Consisting of 72 sections of 24 lines each, the poem takes its title from "The Orcherd of Syon", an early 15th century translation of The Dialogue by St Catherine of Siena, originally made for the nuns at the monastery of Syon in Barking. …

The rest of this article is only available to active members of Questia

Sign up now for a free, 1-day trial and receive full access to:

  • Questia's entire collection
  • Automatic bibliography creation
  • More helpful research tools like notes, citations, and highlights
  • Ad-free environment

Already a member? Log in now.

Notes for this article

Add a new note
If you are trying to select text to create highlights or citations, remember that you must now click or tap on the first word, and then click or tap on the last word.
One moment ...
Default project is now your active project.
Project items

Items saved from this article

This article has been saved
Highlights (0)
Some of your highlights are legacy items.

Highlights saved before July 30, 2012 will not be displayed on their respective source pages.

You can easily re-create the highlights by opening the book page or article, selecting the text, and clicking “Highlight.”

Citations (0)
Some of your citations are legacy items.

Any citation created before July 30, 2012 will labeled as a “Cited page.” New citations will be saved as cited passages, pages or articles.

We also added the ability to view new citations from your projects or the book or article where you created them.

Notes (0)
Bookmarks (0)

You have no saved items from this article

Project items include:
  • Saved book/article
  • Highlights
  • Quotes/citations
  • Notes
  • Bookmarks
Notes
Cite this article

Cited article

Style
Citations are available only to our active members.
Sign up now to cite pages or passages in MLA, APA and Chicago citation styles.

(Einhorn, 1992, p. 25)

(Einhorn 25)

1

1. Lois J. Einhorn, Abraham Lincoln, the Orator: Penetrating the Lincoln Legend (Westport, CT: Greenwood Press, 1992), 25, http://www.questia.com/read/27419298.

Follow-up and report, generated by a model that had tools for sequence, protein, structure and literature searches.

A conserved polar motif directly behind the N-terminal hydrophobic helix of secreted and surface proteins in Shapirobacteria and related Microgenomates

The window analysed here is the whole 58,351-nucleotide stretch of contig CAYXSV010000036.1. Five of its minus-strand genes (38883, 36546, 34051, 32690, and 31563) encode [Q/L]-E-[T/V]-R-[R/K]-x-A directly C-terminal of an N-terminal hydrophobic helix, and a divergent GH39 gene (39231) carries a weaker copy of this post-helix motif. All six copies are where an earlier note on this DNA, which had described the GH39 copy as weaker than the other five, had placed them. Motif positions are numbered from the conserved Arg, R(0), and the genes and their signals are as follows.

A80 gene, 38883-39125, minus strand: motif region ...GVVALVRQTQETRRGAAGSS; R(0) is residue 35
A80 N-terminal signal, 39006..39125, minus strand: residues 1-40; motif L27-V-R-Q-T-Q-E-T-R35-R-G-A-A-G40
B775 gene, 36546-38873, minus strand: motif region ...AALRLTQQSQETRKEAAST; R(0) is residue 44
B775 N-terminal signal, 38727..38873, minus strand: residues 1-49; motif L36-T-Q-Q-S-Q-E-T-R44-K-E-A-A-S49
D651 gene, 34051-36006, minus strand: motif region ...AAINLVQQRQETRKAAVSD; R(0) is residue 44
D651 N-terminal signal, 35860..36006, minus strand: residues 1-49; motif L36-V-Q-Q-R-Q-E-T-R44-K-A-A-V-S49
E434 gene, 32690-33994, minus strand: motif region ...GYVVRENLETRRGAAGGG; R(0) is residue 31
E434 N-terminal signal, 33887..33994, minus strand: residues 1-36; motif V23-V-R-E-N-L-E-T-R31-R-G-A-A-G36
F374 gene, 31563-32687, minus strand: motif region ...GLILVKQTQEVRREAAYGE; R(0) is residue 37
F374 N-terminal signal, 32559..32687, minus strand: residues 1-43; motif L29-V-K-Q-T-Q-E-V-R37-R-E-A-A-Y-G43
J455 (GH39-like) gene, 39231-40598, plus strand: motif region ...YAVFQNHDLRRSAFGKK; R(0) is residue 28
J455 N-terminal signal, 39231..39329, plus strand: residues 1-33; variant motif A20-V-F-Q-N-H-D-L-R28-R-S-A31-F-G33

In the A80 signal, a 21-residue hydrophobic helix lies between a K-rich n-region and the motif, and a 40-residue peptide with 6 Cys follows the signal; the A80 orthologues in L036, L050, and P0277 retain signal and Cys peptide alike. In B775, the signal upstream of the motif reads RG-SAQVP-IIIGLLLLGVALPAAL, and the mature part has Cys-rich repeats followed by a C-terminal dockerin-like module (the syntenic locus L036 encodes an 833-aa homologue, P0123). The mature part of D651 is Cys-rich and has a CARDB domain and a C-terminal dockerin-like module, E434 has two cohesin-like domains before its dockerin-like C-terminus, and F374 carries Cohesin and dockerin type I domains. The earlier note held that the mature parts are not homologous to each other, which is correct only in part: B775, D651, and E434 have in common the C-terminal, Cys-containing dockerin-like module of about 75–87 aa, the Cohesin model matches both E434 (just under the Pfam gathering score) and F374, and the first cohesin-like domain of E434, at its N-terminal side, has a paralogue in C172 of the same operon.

Cited article

The Strongest Voice; Geoffrey Hill Is More Than a Poet's Poet. He Is the Finest English Writer Alive
Settings

Settings

Typeface
Text size Smaller Larger Reset View mode
Search within

Search within this article

Look up

Look up a word

  • Dictionary
  • Thesaurus
Please submit a word or phrase above.
Print this page

Print this page

Why can't I print more than one page at a time?

Full screen

matching results for page

Cited passage

Style
Citations are available only to our active members.
Sign up now to cite pages or passages in MLA, APA and Chicago citation styles.

"Portraying himself as an honest, ordinary person helped Lincoln identify with his audiences." (Einhorn, 1992, p. 25).

"Portraying himself as an honest, ordinary person helped Lincoln identify with his audiences." (Einhorn 25)

"Portraying himself as an honest, ordinary person helped Lincoln identify with his audiences."1

1. Lois J. Einhorn, Abraham Lincoln, the Orator: Penetrating the Lincoln Legend (Westport, CT: Greenwood Press, 1992), 25, http://www.questia.com/read/27419298.

Cited passage

Thanks for trying Questia!

Please continue trying out our research tools, but please note, full functionality is available only to our active members.

Your work will be lost once you leave this Web page.

For full access in an ad-free environment, sign up now for a FREE, 1-day trial.

Already a member? Log in now.